Abstract: Functional loss of the tumor suppressor p53 by alterations in its TP53 gene is a frequent event in cancers of different anatomical regions. Cervical cancer is strongly linked to infection by high-risk human papillomavirus (HPV) types. The viral oncoprotein E6 has the ability to associate with and neutralize the function of p53. E6 interacts with a 100-kDa cellular protein, termed E6 associated protein (E6AP; also called ubiquitin-protein ligase E3A or UBE3A), which functions as an ubiquitin protein ligase. The dimeric complex then binds p53 and E6AP catalyzes multi-ubiquitination and degradation of p53. The ability to promote p53 degradation is an exclusive property of E6 from the high,risk HPV types. Indeed, the low- risk E6 proteins lack this activity, although they can bind p53. Consistent with the E6 function of the high-risk HPV types, the majority of cervical cancer cells have a wild type p53 gene, but the protein levels are strongly decreased. Several independent studies have shown that in a small percentage of cervical tumors the p53 gene is mutated. However, this event appears to be unrelated to the presence or absence of HPV infection and the nature of the tumor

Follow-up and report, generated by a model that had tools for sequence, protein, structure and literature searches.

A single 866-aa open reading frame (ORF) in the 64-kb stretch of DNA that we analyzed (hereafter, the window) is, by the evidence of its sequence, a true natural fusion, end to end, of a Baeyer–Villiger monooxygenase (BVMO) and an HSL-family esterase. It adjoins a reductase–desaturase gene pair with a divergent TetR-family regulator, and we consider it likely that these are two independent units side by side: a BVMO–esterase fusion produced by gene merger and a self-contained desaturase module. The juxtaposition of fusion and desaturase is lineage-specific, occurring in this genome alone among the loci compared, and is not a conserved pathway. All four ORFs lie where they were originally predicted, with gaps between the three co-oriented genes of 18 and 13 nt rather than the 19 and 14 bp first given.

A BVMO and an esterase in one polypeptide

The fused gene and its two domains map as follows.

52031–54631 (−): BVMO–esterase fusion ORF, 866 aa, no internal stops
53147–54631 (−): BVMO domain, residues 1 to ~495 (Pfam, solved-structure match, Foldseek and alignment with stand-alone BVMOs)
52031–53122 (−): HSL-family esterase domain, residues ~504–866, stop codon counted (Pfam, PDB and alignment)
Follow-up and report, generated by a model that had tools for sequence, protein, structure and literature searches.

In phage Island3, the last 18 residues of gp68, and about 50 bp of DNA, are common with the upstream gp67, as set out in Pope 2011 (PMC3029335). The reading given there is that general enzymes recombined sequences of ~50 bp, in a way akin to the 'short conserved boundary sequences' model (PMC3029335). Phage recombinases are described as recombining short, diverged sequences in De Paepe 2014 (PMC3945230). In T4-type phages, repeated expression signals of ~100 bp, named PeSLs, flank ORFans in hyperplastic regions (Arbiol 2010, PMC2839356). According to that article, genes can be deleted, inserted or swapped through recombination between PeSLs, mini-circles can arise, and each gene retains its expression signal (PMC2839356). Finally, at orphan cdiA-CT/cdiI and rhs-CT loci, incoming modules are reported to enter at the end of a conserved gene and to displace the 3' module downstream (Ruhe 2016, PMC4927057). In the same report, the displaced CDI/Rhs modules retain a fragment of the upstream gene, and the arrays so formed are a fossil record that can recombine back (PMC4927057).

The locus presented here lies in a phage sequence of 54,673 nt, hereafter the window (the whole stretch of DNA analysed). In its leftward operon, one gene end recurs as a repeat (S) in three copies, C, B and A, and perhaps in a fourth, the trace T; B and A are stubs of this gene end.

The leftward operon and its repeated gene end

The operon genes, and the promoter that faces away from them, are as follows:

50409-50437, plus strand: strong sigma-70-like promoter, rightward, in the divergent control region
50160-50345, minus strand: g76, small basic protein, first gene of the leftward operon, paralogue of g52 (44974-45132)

Type of Publication: Journal article published
    PubMed ID: 12619117
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  • 4
    Keywords: CANCER ; CELLS ; EXPRESSION ; GENE ; GENE-EXPRESSION ; MESSENGER-RNA ; DOWN-REGULATION ; human papillomavirus ; HUMAN-PAPILLOMAVIRUS ; intraepithelial neoplasia ; E7 ONCOPROTEIN ; INTERFERON-ALPHA ; GAMMA ; LASER CAPTURE MICRODISSECTION ; CYTOKINE PRODUCTION ; cervical tissue ; interferon-kappa ; quantitative real-time polymerase chain reaction